The world may still be watching the dust settle on the NBA trade deadline, but that’s only one sport, and that’s only for players. What about coaches? Sure, it doesn’t happen often (and some leagues have languages that forbid it, just ask Doc Rivers) but there are certainly teams that have found buyers for members of their coaching staffs before. We’re looking at the five best coaches across all sports that’ve gone on the block and been shipped out, regardless of which side instigated the departure.
5. Bill Parcells, New England to New York
If there was ever a coach that was ready to move on and start anew, it was the NFL’s Bill Parcells. Now nearly synonymous with his insistence on leaving successful teams for floundering ones, Parcells found himself in a tenuous situation with the New England Patriots — specifically, he didn’t want to coach the team, but he was still under contract for another season. The solution?
“[Parcells] and Belichick would move to the New York Jets. Belichick would be head coach and Parcells would merely be his ‘adviser,’ his Bobby Heenan — thus technically not in violation of his existing deal,” Bryan Curtis wrote for a Grantland piece covering the coach’s career. “The next year, Parcells could become the Jets coach. The NFL office, for the second time, stopped him from implementing his plan. The Patriots wound up getting first-, second-, third-, and fourth-round picks for Parcells.”
4. Stan Van Gundy, Miami to Orlando
The Miami Heat love to trade for coaches. In 1995, Pat Riley left the New York Knicks for South Beach, a move which wasn’t quite a trade (but was certainly contentious) at first, but it became a trade in absentia when Miami was forced to send the Knicks their 1996 first round pick and $1 million in cash. Years later, Stan Van Gundy would be “released” from his contract with the Heat a year early in exchange for a second round pick and an option to swap first rounders.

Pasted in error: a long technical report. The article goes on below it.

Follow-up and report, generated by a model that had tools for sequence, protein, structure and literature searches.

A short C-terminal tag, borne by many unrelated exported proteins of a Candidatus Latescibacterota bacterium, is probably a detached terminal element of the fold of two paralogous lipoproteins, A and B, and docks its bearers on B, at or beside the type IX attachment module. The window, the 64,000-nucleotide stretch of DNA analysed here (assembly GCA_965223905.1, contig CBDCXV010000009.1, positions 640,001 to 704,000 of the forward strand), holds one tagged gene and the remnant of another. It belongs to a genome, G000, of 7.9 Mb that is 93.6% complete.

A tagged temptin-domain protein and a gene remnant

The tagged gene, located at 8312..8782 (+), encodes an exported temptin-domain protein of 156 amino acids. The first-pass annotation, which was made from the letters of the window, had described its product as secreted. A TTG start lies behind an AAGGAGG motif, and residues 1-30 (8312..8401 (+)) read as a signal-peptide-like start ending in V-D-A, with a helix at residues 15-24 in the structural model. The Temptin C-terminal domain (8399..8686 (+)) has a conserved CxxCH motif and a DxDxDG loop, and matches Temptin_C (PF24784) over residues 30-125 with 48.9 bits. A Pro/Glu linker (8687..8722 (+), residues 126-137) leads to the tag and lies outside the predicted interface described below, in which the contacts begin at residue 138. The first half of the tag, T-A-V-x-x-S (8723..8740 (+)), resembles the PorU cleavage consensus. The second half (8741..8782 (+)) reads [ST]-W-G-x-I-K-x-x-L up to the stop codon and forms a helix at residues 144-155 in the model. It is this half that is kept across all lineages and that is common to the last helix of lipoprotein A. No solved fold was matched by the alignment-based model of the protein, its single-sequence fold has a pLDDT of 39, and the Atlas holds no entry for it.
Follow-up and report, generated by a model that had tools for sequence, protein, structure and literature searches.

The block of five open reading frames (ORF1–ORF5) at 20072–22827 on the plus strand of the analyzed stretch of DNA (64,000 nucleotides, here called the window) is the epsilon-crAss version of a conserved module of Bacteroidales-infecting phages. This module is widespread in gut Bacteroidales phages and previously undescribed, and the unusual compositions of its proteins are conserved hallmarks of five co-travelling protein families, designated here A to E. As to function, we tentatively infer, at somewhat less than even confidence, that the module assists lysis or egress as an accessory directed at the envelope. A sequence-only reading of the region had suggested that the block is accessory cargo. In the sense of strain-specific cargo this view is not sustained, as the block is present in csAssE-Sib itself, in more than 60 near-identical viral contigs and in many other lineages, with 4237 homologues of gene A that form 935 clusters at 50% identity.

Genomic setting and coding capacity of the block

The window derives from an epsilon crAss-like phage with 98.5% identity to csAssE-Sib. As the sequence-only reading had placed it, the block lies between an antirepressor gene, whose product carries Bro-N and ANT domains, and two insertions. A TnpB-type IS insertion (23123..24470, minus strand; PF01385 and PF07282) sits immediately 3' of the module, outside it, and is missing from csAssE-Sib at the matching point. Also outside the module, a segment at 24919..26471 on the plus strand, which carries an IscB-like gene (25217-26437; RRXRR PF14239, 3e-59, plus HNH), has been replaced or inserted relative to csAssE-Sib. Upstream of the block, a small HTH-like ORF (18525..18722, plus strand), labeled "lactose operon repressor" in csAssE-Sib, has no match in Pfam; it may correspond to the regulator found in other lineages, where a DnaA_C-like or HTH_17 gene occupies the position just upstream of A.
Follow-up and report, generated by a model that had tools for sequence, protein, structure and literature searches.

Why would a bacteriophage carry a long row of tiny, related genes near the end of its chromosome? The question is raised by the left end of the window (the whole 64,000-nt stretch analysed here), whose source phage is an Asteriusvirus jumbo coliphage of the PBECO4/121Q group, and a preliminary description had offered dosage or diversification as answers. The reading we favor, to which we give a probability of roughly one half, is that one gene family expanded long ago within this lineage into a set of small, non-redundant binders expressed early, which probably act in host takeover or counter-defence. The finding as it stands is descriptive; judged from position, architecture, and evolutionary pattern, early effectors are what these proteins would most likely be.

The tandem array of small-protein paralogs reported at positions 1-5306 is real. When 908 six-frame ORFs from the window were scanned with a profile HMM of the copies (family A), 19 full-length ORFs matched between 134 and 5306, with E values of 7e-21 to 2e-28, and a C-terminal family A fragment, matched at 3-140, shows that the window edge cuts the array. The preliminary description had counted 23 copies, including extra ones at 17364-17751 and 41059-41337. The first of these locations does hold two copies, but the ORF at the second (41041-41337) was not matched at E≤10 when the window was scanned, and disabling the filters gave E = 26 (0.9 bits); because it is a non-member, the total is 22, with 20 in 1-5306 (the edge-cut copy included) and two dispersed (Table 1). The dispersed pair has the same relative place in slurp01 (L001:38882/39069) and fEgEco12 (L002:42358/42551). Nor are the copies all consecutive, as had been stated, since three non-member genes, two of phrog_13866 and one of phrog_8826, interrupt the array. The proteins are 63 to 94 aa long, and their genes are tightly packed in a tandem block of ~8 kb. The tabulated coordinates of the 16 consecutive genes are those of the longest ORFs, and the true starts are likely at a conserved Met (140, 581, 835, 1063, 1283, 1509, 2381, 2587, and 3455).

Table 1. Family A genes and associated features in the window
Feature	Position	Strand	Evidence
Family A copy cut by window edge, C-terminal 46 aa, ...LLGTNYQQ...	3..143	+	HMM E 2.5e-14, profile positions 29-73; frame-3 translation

3. Jon Gruden, Oakland to Tampa Bay
Arguably one of the most famous trades in NFL history, the Oakland Raiders sent Jon Gruden to the Tampa Bay Buccaneers for “four draft picks — two first-rounders and two second-rounders — and $8 million,” because they were “faced with the reality that they were going to lose him one way or the other,” according to the Los Angeles Times. At the outset, it seemed like a fair deal for both sides, but it clearly came back to bite Oakland when the Bucs thoroughly trounced the Raiders in the 2002 Super Bowl.
2. Doc Rivers, Boston to Los Angeles
The most recent example of a head coach being traded for draft picks, Doc Rivers left the Boston Celtics in 2013 to join the Los Angeles Clippers. While the original exchange had allegedly included pieces like Kevin Garnett, DeAndre Jordan, and Eric Bledsoe, the NBA front office vetoed the trade as a rule in the league’s CBA prohibited players being traded for coaches. All in all, Rivers was swapped for a 2015 first rounder, and ascended to the Senior VP of Basketball Operations — effectively making him the franchise’s general manager, as well as its coach.
1. Bill Belichick, New York to New England
Chalk this one up to being another one of those “trades by reparations,” when Bill Belichick left the New York Jets after just one day of employment in 2000 to sign with the New England Patriots, the New York squad decided to call BS on BB, who was still under contract with the team. After all the dust settled, the Jets walked away with New England’s first, fourth, and seventh round picks, while sending out a pair of their own picks (in the fifth and seventh round).